International Financial Terms with "F"

Glossary of International Financial - Glossario Finanza Internazionale

A | B | C | D | E | F | G | H | I | J | L | M | P | Q | R | S | T | U | V | W | Y | Z

Facility: a very general term for an understanding by which debt is provided. “Facility” rather than “loan” implies an arrangement for drawing and repaying funds in a flexible way, as in a revolving credit facility. This is usually capped at a maximum drawdown figure. Some UK groups rely on an intra-group flexible facility for most or all of their debt.

Facility Fee: a charge made by the lender to the borrower for arranging the loan. Banks charge a range of fees, upfront and annually, to ensure their return on a finance transaction.

Factoring: an arrangement whereby a company sells its invoiced debts, at a discount from their face value, to a specialist debt factor. This gives the company immediate cash and transfers the credit risk from the company to the debt factor.

Financial Instrument: a broad term for the documentation which is evidence of a financial transaction. A legal agreement which may be asset-based or debt-based.

Financial Services Authority (FSA): an independent non-governmental body given statutory powers under the Financial Services and Markets Act 2002, accountable to Treasury Ministers and through them to Parliament. Responsible for overseeing and authorising Recognised Clearing Houses (RCHs), Recognised Investment Exchanges (RIEs) and also firms who carry out investment business. It is the licensing authority allowing Banks to take deposits. The FSA’s objectives are: maintaining market confidence; promoting public awareness of the financial system; consumer protection; and the reduction of financial crime. It was announced in June 2010 that the FSA will be abolished, with most of its financial regulation and licensing powers reverting to the Bank of England.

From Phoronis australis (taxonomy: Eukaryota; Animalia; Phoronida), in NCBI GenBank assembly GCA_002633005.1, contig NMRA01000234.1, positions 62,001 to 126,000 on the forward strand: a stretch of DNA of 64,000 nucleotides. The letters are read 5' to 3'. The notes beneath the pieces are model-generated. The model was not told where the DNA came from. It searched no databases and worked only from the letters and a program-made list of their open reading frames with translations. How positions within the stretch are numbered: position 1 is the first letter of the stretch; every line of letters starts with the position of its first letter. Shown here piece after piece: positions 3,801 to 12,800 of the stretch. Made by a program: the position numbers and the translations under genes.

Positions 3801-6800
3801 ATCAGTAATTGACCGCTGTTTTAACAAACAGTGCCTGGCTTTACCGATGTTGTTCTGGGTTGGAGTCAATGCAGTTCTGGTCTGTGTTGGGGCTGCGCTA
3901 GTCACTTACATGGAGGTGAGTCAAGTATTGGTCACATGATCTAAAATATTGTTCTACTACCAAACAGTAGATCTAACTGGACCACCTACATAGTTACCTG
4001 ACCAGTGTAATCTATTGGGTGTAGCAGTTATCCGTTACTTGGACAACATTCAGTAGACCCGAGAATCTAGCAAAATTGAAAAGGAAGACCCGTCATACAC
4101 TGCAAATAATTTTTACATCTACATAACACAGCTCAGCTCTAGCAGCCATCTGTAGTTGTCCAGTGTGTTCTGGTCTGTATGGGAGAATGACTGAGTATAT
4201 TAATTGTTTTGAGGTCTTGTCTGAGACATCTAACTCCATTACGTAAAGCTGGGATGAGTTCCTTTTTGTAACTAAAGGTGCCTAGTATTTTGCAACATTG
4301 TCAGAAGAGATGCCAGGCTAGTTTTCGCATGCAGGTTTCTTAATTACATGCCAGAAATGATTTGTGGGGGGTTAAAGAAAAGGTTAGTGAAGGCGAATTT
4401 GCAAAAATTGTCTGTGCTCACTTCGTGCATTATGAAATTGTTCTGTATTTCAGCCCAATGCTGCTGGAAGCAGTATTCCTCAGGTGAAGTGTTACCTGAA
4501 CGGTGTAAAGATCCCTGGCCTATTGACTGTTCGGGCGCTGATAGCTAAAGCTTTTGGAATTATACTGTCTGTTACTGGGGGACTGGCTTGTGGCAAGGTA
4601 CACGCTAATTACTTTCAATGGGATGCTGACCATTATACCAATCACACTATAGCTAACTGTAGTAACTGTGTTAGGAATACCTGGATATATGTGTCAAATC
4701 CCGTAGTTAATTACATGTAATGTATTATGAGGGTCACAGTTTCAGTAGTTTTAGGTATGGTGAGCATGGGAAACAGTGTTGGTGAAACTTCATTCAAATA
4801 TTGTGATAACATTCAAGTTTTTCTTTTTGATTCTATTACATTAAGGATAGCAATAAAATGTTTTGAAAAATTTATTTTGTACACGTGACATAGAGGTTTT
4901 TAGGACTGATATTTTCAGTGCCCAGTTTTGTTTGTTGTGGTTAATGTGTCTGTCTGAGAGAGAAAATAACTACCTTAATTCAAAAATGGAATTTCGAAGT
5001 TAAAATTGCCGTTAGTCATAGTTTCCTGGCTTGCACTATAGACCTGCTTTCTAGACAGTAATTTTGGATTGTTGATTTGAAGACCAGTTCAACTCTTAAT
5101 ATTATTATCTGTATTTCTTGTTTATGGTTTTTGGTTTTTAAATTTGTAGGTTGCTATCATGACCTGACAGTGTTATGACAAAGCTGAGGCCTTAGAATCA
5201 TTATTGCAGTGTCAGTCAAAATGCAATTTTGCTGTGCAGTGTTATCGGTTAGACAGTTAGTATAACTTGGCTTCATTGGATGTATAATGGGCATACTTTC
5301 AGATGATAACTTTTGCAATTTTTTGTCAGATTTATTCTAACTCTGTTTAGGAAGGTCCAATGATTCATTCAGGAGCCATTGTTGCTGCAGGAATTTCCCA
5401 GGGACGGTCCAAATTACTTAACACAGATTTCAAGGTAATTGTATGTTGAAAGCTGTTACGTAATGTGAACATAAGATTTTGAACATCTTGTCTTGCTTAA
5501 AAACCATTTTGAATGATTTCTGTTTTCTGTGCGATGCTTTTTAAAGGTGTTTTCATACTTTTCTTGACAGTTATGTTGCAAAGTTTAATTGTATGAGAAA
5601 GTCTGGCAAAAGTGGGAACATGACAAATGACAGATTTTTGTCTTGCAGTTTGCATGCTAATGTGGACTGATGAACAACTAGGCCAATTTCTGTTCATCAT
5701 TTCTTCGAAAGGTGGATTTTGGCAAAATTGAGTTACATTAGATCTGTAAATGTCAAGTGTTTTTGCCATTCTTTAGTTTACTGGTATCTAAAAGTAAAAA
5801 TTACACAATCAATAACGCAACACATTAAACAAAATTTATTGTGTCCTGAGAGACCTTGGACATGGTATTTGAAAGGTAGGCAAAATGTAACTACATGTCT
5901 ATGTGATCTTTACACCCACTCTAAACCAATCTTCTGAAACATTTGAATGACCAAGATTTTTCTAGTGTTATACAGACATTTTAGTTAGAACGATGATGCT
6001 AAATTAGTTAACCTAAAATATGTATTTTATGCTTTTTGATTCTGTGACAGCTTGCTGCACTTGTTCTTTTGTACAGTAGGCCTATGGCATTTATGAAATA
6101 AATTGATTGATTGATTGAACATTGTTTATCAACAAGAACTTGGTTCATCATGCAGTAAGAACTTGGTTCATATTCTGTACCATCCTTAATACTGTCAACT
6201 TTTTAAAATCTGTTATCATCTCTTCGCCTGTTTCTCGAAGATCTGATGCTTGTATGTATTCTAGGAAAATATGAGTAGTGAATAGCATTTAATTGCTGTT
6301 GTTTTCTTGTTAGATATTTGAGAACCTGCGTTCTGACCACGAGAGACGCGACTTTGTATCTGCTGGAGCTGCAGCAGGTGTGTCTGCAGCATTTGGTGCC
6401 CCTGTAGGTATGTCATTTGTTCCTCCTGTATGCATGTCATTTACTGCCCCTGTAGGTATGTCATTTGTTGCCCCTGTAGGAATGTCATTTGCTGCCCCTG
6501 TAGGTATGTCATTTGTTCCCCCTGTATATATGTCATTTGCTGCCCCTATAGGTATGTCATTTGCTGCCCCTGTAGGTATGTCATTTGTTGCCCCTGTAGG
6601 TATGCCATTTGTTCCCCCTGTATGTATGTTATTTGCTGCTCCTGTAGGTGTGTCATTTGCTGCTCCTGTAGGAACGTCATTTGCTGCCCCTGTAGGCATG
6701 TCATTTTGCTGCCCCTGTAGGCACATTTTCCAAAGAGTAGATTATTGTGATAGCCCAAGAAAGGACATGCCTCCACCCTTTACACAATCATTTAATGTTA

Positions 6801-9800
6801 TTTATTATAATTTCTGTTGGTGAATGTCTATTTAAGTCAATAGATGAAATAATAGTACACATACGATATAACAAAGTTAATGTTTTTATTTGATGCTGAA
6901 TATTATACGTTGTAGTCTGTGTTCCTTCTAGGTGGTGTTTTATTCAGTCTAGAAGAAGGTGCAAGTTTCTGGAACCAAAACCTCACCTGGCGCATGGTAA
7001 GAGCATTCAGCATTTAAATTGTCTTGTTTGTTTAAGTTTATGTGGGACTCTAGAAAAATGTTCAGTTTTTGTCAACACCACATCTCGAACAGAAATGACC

Fixed Rate Loan: a loan paying interest at a fixed rate for the duration of the loan.

Floating Rate: an interest rate which is periodically varied in line with a benchmark commercial interest rate, such as LIBOR e.g. LIBOR + 2%.

Foreign Bonds: a bond issued by a foreign borrower in a domestic market, someone from outside the country where in the bond is issued and traded. They can be denominated in any currency, but are likely to be a source of funds not in the issuer’s own currency.